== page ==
Deliberative Approaches 101
In the 1990s, there was a shift in thinking among democratic theorists, about the role of collective, deliberative decision-making in democratic institutions such as local government. This thinking around deliberative democracy began as an attempt to make deliberation central to decision-making, on a mass scale. Today, it is practised more typically through ‘mini-publics’ where small groups of citizens (from ~20 up to ~ 2000) come together to carefully examine a problem, deliberate together and work towards a shared resolution or set of recommendations (Estlub et al., 2016; Dryzek and Niemeyer, 2012).
There has been a growing interest, and literature, on various participatory approaches which foster deliberative practices, such as citizen juries, consensus conferences and participatory budgeting. There has also been a focus on the design of deliberative institutions and ways of embedding deliberative democracy in decision-making, not just as a one-off process, but rather as a habit (Winstanley and Cronin, 2012).
There are several drivers behind the growing interest in deliberative democracy; these include the complexity of contemporary issues in which multiple stakeholders are involved; a perceived dissatisfaction with traditional approaches to engagement; and the emergence of organisations and networks promoting deliberative theory and practice.
Hundreds of new articles now appear on deliberative democracy each year and, in Victoria, an increasing number of councils engage through deliberative approaches as part of their broader engagement strategy. These practices are also being used, increasingly, by industry organisations and NGOs.
How do Deliberative Democracy techniques differ from traditional approaches to engagement?
Deliberative process typically take the form of workshops involving citizens recruited to be broadly representative of the local population (often referred to as ‘mini-publics’). Over an extended time period, often a few days, the selected mini-public is given time to learn about the issue to be explored, to call on outside expertise and to think deeply, together, on the questions they have been asked to consider.
Two of Australia’s leading practitioners on deliberative techniques suggest that they can be distinguished from the usual community consultation in at least three critical ways; they are representative, deliberative and influential (Carson and Hartz-Karp, 2005):
Representative in the sense that they involve a representative cross-section (or mini-public) of the community, usually selected at random;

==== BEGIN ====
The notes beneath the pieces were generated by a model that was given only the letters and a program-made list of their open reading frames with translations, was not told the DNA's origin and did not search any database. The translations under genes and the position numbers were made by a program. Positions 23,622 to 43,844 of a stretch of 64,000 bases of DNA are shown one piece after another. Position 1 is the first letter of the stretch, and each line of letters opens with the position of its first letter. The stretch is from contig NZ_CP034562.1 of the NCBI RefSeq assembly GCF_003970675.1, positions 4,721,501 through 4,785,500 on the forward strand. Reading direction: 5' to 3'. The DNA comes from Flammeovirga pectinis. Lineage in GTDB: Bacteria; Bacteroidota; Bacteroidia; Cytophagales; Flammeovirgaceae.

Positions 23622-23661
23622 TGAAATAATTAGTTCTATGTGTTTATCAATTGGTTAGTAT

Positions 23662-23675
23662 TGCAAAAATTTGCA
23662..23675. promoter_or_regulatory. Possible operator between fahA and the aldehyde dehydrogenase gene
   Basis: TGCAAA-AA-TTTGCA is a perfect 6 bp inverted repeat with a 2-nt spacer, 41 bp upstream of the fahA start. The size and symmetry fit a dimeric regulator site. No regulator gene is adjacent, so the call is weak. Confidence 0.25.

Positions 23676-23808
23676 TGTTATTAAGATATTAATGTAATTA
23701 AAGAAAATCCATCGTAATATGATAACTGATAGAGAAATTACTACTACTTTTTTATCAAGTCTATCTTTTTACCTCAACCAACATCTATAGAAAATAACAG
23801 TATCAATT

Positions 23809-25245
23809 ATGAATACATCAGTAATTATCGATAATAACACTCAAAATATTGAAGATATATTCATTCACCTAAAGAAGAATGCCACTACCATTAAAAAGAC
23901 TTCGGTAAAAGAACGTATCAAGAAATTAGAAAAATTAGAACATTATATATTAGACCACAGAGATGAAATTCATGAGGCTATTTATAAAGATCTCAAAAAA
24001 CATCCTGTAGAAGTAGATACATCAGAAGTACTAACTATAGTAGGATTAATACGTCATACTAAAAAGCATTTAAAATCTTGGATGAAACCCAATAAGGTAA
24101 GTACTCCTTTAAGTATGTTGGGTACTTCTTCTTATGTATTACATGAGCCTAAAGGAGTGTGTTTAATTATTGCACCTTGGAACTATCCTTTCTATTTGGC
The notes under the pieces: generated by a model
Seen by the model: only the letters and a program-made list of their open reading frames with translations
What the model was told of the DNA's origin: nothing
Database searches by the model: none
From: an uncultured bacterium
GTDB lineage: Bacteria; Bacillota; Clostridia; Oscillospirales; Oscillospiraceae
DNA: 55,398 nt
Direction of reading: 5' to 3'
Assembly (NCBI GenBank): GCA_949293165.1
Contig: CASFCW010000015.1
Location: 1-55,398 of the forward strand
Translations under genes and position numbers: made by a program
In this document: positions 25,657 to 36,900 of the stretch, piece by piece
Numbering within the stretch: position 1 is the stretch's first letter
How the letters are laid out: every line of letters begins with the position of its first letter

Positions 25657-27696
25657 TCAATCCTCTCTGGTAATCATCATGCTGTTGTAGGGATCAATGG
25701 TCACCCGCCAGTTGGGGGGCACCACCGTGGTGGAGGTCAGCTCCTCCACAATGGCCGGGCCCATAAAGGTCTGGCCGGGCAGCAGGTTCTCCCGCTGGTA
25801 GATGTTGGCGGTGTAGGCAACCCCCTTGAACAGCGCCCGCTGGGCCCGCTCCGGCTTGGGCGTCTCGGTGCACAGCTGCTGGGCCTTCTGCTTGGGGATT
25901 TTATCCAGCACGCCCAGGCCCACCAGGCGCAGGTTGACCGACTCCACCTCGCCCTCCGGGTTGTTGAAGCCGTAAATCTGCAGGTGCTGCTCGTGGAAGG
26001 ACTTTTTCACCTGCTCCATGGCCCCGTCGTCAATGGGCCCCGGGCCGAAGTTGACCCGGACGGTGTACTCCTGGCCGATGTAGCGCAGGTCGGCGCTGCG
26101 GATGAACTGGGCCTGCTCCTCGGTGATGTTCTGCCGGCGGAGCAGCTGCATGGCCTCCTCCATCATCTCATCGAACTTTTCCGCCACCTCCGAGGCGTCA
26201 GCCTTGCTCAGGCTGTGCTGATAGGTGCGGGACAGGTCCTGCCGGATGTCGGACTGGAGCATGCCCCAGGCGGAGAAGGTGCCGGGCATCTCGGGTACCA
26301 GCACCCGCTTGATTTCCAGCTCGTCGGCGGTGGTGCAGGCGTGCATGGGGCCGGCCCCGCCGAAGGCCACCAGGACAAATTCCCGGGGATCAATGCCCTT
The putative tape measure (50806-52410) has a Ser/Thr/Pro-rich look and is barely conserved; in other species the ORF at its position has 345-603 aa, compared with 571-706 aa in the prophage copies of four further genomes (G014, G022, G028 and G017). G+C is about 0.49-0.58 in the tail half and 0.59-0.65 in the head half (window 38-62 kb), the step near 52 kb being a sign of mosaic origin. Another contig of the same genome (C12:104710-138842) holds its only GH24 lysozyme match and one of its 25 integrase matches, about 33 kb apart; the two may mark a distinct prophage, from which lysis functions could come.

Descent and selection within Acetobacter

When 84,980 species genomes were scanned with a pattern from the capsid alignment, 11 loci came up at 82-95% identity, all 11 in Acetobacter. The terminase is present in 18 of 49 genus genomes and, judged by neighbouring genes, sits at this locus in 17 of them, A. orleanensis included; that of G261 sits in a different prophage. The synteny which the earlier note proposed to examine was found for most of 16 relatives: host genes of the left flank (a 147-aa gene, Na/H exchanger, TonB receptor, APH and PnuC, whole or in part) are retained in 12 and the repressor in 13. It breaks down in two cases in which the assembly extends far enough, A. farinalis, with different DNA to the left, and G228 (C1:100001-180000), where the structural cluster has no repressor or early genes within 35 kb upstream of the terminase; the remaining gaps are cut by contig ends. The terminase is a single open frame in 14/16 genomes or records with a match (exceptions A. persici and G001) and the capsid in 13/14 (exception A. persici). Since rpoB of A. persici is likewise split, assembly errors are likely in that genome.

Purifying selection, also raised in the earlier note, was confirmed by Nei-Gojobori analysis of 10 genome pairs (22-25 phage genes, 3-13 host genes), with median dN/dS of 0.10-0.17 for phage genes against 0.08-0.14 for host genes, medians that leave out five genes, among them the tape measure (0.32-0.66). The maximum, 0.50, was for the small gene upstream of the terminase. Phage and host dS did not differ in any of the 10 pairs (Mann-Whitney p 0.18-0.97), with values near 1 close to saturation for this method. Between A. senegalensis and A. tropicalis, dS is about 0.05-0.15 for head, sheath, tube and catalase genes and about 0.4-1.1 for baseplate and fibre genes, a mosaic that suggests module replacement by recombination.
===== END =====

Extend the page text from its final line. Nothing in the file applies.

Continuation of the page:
Deliberative allowing for extended consideration of a key question; and
Influential which refers to the presumption that decision-makers will take direction from the outcomes of the deliberation.
Why should Councils consider using deliberative approaches?
Advocates suggest that there are a number of good reasons for organisations to consider deliberative approaches:
- A focus is put on the fundamental idea of democracy with an emphasis on listening, participation and cooperation and the opportunity to consider, respectfully, a range of views and ideas.
- The random selection of participants gives access to quiet voices and to people who may not otherwise have had any engagement with council.
- It can lead to better, more sustainable decisions by providing people the time and opportunity to take a ‘deep dive’ into difficult issues.
- People are more likely to trust the outcomes of a process which is seen to be representative and informed by ordinary people, ‘just like me’.
Examples of evaluations of deliberative processes and their outcomes can be found at the Deliberative Democracy Hub's Resource Library.
Depending on where you look, different people offer different descriptions of the techniques or approaches that can be considered as inclusive or deliberative and there are different ideas on who should deliberate and where deliberation should take place, for example.
The table below captures some of the key deliberative techniques. This is not a comprehensive list and you should refer to the Resource Library for resources which will give you further detail on the different techniques and when they are best used. In particular, the NCDD’s Engagement Streams Framework is a good place to start and will help you understand and navigate the range of deliberative techniques available: see www.ncdd.org/stream.
It is also worth bearing in mind the observations of Carson and Hartz-Karp (2005) who note that whilst Australia has imported many deliberative methods, practitioners have also adapted and combined methods to suit our particular circumstances. The critical point is that any adaptations should remain responsive to the challenge of maximising inclusion, deliberation and influence.
Research about public deliberation
The Journal of Public Deliberation is a peer reviewed, open access journal full of useful papers about research, opinion, projects, experiments and experiences of academics and practitioners in deliberative democracy: www.publicdeliberation.net.
The newDemocracy Foundation is actively pursuing the question of whether there are ways in which democracy can be done better in Australia and has run several juries for a range of government bodies around the country. The Foundation’s website has a wealth of information and resources, including case studies, research papers and videos: www.newdemocracy.com.au.
Victorian Auditor-General’s Office, 2015, Public Participation in Government Decision-making: Better Practice Guide: www.audit.vic.gov.au.
Deliberative Approaches 101 Handbook